BROOKSVILLE — From the back of the courtroom Friday, Ken Sanford watched silently as Benjamin Jablon received a nine-year prison sentence.
He didn't know the elderly Spring Hill couple Jablon assaulted last year after burglarizing their home. But he took solace in the 22-year-old's conviction and his fate in a way few in the courtroom understood.
Not long ago, Sanford, 50, watched Jablon leave the courthouse as a free man. Sanford returned to feel closure, the amorphous perspective that victims yearn to find in the justice system.
"I wanted to hear the part where (the judge) says 'incarcerated for nine years in the Department of Corrections,'" Sanford said.
This eluded him the first time after a jury acquitted Jablon in March 2007. In that case, Jablon faced attempted murder charges for an attack that left a Pizza Hut delivery man near death.
The delivery man was Sanford's 21-year-old son, Russell.
"I still remember them putting my son in the helicopter with his head all mashed in," Sanford said. "I didn't even recognize him."
Two men attacked Russell Sanford as he delivered several pizzas to a house on Crescent Road. They beat him with a metal baseball bat, fracturing his skull twice and leaving him in a pool of blood as they took cash, the pizzas and his car.
Jablon and Devin Politis were subsequently charged in that attack. Politis pleaded guilty and received 15 years in prison. He testified against his friend, but Jablon's defense attorneys convinced a jury their client was not involved.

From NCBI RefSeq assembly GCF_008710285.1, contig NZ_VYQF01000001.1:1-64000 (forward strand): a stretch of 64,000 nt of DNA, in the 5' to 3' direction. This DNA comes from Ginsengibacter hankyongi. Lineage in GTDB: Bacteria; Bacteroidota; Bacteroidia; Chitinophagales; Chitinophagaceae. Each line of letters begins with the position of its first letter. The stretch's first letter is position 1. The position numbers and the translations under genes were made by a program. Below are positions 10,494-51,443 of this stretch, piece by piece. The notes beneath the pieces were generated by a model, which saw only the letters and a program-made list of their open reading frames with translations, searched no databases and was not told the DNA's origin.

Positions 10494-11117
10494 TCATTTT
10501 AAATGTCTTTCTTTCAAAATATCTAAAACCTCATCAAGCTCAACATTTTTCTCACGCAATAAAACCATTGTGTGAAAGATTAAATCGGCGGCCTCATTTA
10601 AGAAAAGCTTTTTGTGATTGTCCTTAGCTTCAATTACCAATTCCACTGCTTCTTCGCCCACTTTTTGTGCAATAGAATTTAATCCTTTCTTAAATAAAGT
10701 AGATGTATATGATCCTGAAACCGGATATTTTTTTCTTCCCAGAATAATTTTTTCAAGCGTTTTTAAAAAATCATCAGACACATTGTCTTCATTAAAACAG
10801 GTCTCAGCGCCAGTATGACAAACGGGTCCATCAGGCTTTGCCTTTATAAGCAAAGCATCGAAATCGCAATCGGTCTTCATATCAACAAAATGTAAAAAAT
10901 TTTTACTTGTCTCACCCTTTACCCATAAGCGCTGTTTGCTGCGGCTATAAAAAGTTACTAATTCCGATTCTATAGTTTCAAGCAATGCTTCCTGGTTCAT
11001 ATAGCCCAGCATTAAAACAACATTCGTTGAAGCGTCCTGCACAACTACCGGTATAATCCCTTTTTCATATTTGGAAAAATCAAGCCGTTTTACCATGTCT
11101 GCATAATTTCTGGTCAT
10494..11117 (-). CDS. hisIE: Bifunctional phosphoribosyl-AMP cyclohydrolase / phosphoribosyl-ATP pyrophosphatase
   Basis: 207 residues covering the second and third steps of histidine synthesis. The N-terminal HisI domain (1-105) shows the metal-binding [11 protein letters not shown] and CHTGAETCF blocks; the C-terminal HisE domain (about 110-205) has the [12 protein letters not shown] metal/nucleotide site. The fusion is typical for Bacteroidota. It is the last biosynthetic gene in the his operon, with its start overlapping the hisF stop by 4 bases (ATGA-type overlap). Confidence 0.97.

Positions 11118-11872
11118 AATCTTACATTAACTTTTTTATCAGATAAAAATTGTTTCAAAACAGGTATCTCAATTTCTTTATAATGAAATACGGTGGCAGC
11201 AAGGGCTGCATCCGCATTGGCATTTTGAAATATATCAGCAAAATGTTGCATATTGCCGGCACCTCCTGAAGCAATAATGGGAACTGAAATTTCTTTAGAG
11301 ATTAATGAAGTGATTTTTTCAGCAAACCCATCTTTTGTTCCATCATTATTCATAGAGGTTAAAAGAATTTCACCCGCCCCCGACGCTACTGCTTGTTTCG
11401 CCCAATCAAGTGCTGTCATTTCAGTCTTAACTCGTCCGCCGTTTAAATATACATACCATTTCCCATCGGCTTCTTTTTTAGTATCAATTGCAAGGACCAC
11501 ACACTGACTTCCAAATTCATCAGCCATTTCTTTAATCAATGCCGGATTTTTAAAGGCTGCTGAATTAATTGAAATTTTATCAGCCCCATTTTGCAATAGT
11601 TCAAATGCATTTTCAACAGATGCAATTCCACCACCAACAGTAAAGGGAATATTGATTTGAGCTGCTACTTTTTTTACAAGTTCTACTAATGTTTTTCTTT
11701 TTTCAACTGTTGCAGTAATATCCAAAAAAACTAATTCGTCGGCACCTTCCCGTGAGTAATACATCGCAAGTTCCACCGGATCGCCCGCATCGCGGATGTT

Russell Sanford doesn't remember much about what happened, which has helped him move on with his life and make a recovery. He's in his second year of college in New York state studying information technology.
But his father took longer. "I didn't (move on) because I knew (Jablon) is a predator and I knew … that it was going to happen again," Ken Sanford said.
Four months after his acquittal, Jablon was arrested after he broke into a Spring Hill home July 17, 2007. He stole about $300 in cash and jewelry and roughed up the elderly homeowners as he fled.
Confronted by authorities, he confessed. As he was being taken to jail, Jablon told the deputies, "You … are just pissed off 'cause I beat that Pizza Hut rap."
Jablon's defense attorney, public defender Alan Fanter, tried to get the statements and evidence suppressed because he maintains his client was "induced into making statements," but a judge disagreed.
In an unusual move, Assistant State Attorney Don Barbee, the Brooksville office's top prosecutor, handled the case himself.
He said Jablon fancied himself as a gang leader and felt above the law. "That's the problem when someone wins at trial," Barbee said. "They feel bulletproof."
The elder Sanford first read of the new arrest in the newspaper. "I thought, 'Unbelievable,' " he recalled Friday.
The self-employed business owner took off work to attend Jablon's first court hearing and kept in touch with deputies. When he heard about the plea deal, he didn't want to miss it.
It took a year and a half, but in the end, he said, "This is closure for me."
John Frank can be reached at firstname.lastname@example.org or (352) 754-6114.